Kelly Rowland, the Scottie Pippen to Beyoncé's Michael Jordan, and two other women named LeToya Luckett and LaTavia Roberson were also part of the group. Luckett and Roberson split from the group in late 1999 and grumbled about how Matthew Knowles showed favoritism toward his daughter. They were replaced by two more women, one of whom would also leave the group. And the last woman standing in that game of musical chairs was Michelle Williams.

What role did Michelle Williams play in Destiny's Child?

Williams started her Destiny's Child career by lip-synching to parts sung by LeToya and LaTavia. Williams joined the group in 2000, shortly after Luckett and Roberson were dismissed, but the group was still enjoying success with its "Writing on the Wall" album and its latest single "Say My Name." The group needed to release a video (back then videos and MTV were more influential than they are now) to capitalize on the momentum, so Williams and Farrah Franklin, the replacements, appeared in the video and lip-synched the parts belonging to Luckett and Roberson:

"Say My Name", a song about a woman who thinks her boyfriend is cheating on her and thus commands him to say her name (possibly in the presence of another woman), would go on to be one of the most successful Destiny's Child songs of all time. Williams and Franklin also lip-synched Luckett's and Roberson's vocals in another video for a single entitled "Jumpin' Jumpin'"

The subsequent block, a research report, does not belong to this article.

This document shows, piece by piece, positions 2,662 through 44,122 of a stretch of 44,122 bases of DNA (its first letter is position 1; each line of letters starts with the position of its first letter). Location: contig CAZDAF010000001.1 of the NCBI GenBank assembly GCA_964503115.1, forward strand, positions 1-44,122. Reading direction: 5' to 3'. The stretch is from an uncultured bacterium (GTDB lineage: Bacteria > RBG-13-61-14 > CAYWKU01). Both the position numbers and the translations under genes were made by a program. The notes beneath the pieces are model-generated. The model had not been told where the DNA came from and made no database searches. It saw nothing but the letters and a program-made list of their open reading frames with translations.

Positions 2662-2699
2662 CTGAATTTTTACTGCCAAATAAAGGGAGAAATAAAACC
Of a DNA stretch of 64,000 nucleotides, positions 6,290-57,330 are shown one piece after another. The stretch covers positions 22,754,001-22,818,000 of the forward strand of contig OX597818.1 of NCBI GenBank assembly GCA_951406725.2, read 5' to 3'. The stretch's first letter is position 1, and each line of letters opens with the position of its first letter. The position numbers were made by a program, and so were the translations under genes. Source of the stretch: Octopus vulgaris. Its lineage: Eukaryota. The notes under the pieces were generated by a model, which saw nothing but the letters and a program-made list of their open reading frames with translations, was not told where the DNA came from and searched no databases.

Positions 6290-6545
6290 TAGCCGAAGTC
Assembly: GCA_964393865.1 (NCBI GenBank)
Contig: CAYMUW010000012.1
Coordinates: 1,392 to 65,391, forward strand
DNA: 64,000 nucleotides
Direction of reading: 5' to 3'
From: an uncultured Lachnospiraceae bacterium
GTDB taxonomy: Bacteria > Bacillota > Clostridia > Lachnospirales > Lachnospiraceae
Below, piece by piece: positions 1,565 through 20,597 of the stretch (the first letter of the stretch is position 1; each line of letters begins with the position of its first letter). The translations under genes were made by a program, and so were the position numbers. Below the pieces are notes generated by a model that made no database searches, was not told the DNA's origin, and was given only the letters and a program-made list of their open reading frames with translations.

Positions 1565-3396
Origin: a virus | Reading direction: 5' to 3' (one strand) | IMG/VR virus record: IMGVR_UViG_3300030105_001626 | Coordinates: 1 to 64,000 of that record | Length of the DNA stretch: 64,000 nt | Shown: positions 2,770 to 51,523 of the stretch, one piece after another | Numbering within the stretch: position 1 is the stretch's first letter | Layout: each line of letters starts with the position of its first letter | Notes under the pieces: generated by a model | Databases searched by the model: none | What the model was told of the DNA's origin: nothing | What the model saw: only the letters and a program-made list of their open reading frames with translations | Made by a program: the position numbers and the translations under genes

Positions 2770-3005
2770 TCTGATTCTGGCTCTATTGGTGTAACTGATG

Shortly thereafter Franklin was dismissed, leading to a joke about the group being more like Survivor, a reality show where a bunch of people are dropped off somewhere in the world (usually warm, usually an island) and told to survive and compete for $1 million.

Did Michelle Williams ever get to sing?

Yes. Michelle eventually started singing. The first big Destiny's Child hit featuring Michelle's vocals was  "Independent Women Part I", a song that appeared on the Charlie's Angels soundtrack. But the more memorable Williams vocal riff came on the song "Survivor":

"After all the darkness and sadness, soon comes happiness. If I surround myself with positive things, I'll gain prosperity," Williams sings. Her voice is a bit squeakier and higher than Kelly's and Beyoncé's, making it more noticeable. And that's a unique, if not silly, verse. But hey pop songs are pop songs.

In another one of Destiny's Child's biggest hits, "Lose My Breath", Michelle's verse sticks out again as well as the lack of her solo-time: